GROOMING – Yellow Labradors

The Yellow Labrador’s fur consists of two layers: a soft, dense under-layer, and a coarse, slightly oily outer layer. Their coat is water resistant, and in a healthy Labrador should be sleek and shiny. Labradors do shed, though they only fall under the “moderate shedding” category. It is important to groom a Labrador once per week, as this will help keep shedding to a minimum. Labradors should only be bathed manually on rare occasions, since this will strip some of the natural oils from their fur. The paws should have occasional attention as well, because the nails often need manual trimming. In general, frequently grooming a Labrador can also promote positive relationship building between an owner and pet.

ORIGIN – Yellow Labradors

The Labrador Retriever originated in Newfoundland, a cross breed of Newfoundland dogs and the small water dogs that populated the area. The Labrador was eventually brought to England in the 1800’s. The Labrador that we know today evolved from the “St. John’s Waterdog”, a breed that was used extensively for hunting and game retrieval. It is said that in England, the dogs would retrieve fish that had fallen off of the hooks of fishermen, as well as assist in dragging nets from fishing boats to the shore (hence the reason why they were first referred to as “Waterdogs”).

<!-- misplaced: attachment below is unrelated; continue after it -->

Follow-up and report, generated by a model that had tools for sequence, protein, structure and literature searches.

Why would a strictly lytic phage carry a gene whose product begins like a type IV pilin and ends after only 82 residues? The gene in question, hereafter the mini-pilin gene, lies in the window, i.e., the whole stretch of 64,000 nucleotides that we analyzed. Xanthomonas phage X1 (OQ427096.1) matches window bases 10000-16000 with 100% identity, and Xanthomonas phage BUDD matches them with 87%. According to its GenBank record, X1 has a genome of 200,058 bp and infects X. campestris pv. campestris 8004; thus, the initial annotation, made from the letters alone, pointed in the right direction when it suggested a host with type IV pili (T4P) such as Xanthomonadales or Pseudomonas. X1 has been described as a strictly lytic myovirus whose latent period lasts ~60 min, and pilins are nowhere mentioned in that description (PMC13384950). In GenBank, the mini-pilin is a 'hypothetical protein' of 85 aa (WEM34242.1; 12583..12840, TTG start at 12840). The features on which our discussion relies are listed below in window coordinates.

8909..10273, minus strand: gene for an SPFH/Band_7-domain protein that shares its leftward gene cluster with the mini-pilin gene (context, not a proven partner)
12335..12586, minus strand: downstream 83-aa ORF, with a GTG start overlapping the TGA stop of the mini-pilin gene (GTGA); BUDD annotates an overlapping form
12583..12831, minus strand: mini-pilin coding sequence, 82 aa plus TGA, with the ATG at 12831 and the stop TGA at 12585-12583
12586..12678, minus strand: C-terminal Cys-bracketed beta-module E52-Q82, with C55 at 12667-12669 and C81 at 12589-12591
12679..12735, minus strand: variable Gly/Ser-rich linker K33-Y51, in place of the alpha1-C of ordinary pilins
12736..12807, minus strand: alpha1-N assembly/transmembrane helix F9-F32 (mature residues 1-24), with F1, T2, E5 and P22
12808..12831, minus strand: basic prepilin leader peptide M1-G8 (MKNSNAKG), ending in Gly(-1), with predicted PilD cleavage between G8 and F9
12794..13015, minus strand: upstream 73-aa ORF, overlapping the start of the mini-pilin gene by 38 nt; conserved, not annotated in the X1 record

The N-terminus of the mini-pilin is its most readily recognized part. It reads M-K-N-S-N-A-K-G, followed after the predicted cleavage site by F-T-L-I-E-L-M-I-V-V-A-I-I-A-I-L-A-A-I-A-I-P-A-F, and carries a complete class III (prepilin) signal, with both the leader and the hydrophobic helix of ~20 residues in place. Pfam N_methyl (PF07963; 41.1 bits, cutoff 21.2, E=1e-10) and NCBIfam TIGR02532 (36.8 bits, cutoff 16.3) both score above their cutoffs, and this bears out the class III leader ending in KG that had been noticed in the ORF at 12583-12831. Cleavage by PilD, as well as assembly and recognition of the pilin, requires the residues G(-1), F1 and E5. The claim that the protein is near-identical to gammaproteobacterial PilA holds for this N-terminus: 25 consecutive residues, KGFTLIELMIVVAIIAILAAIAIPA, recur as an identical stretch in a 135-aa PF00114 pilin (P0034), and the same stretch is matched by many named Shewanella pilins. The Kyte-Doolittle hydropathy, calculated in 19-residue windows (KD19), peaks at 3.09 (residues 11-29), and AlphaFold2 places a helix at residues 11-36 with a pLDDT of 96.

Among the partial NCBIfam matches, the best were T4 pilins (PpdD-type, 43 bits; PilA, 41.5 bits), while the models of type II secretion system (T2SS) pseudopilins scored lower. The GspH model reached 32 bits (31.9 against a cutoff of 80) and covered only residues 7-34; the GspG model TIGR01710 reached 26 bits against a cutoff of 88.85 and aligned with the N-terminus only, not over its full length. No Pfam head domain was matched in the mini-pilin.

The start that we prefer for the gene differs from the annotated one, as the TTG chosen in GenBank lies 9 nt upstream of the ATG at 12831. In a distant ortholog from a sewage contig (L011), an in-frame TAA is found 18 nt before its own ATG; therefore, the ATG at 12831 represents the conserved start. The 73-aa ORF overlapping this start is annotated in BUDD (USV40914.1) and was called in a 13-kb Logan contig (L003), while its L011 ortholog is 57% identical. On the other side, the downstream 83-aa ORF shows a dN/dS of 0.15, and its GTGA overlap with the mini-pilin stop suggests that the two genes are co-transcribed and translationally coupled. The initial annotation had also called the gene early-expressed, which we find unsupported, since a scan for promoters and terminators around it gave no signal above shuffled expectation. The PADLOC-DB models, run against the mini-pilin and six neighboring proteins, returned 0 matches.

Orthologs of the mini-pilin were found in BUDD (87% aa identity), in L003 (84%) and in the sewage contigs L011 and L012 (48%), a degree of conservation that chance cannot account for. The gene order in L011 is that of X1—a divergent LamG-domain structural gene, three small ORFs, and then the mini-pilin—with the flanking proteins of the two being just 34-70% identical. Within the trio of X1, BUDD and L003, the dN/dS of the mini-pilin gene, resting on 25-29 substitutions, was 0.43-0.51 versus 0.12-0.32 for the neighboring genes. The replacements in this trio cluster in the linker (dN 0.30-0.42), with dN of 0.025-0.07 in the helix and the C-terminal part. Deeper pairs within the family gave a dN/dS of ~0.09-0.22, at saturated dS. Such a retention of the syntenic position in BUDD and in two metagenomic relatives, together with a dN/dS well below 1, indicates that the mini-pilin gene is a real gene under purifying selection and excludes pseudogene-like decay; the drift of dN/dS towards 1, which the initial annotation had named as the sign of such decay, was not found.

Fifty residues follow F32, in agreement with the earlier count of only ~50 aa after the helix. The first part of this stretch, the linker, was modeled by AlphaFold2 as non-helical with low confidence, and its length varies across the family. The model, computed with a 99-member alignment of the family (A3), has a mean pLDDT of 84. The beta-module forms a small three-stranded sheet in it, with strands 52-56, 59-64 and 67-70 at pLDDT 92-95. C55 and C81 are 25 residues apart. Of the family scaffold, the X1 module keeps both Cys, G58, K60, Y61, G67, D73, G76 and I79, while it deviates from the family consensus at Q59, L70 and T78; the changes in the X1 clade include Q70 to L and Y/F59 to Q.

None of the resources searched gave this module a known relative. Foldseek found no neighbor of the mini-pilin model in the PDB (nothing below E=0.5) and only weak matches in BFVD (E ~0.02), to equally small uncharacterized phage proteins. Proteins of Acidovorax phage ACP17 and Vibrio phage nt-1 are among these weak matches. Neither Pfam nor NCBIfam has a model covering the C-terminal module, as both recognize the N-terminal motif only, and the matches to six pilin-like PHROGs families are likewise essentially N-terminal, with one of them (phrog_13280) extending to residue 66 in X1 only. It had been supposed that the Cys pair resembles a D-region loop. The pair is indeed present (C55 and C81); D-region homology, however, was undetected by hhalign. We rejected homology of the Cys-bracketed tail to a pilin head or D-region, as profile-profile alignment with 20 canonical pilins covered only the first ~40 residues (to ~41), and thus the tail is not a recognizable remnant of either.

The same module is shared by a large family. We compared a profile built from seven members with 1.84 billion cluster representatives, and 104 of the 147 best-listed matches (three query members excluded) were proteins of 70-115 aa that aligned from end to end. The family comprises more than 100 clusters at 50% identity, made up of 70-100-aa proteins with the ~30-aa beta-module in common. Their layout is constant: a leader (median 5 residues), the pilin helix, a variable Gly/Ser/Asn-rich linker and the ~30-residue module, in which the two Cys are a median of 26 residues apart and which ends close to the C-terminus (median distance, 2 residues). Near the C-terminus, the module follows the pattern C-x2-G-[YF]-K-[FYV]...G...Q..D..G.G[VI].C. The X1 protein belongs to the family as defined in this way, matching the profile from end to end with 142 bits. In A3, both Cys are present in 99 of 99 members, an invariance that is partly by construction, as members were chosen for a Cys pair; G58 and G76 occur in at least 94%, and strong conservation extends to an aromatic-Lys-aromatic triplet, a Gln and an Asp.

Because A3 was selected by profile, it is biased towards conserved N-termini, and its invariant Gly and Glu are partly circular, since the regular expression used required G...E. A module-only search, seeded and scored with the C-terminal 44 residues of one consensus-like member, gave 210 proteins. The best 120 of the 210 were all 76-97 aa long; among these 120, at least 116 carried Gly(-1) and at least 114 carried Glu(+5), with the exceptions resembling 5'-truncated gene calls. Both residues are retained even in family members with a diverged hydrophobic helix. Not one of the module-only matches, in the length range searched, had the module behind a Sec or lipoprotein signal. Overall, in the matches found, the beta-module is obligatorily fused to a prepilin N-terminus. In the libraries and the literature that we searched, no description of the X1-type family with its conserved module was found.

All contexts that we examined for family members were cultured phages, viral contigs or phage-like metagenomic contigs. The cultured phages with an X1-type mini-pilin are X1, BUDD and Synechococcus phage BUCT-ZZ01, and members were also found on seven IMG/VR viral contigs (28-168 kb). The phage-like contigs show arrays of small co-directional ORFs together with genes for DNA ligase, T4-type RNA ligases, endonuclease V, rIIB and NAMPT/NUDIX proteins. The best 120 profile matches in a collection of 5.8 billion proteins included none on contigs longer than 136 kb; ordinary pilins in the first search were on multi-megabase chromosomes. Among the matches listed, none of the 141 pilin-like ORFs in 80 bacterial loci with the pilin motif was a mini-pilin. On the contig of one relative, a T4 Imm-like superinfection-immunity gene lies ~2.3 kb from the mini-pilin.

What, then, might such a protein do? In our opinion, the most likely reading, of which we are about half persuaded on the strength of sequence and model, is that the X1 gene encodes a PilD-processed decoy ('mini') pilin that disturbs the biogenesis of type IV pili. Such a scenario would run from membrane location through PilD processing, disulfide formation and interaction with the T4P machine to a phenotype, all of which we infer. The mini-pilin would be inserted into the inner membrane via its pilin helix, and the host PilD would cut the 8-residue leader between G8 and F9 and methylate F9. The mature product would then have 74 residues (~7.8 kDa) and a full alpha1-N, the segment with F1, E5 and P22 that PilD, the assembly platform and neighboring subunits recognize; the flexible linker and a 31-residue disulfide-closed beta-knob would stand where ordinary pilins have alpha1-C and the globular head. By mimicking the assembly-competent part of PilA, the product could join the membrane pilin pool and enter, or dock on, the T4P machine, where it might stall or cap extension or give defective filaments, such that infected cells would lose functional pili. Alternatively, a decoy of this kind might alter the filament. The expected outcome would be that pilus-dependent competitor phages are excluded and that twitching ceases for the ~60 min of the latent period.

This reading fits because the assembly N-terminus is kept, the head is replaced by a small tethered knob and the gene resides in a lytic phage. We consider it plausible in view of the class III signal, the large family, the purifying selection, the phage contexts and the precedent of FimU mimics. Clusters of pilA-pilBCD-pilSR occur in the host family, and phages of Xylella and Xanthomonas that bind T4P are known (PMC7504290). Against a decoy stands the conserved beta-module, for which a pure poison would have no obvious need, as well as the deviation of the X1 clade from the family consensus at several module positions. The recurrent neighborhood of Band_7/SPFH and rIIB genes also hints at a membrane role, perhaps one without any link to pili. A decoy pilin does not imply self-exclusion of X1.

These dogs were excellent for hunting, and were eventually brought to America. The first “official” registration of a Labrador in America was in 1917. Their special skills in game retrieval for hunters greatly assisted their ascent in popularity, as they began to out-rank the previously popular hunting dogs; the Springer Spaniel and the Chesapeake Retriever.

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Comments (1)

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  1. L. Schroth says:

    My only comment is that you might not want to show a picture of a labrador with such a serious show-ring fault, which is a light colored nose and eye rims. My understanding of Lab genetics is that this is what happens when you breed a yellow with a chocolate, something that I believe is frowned upon by Lab breeders.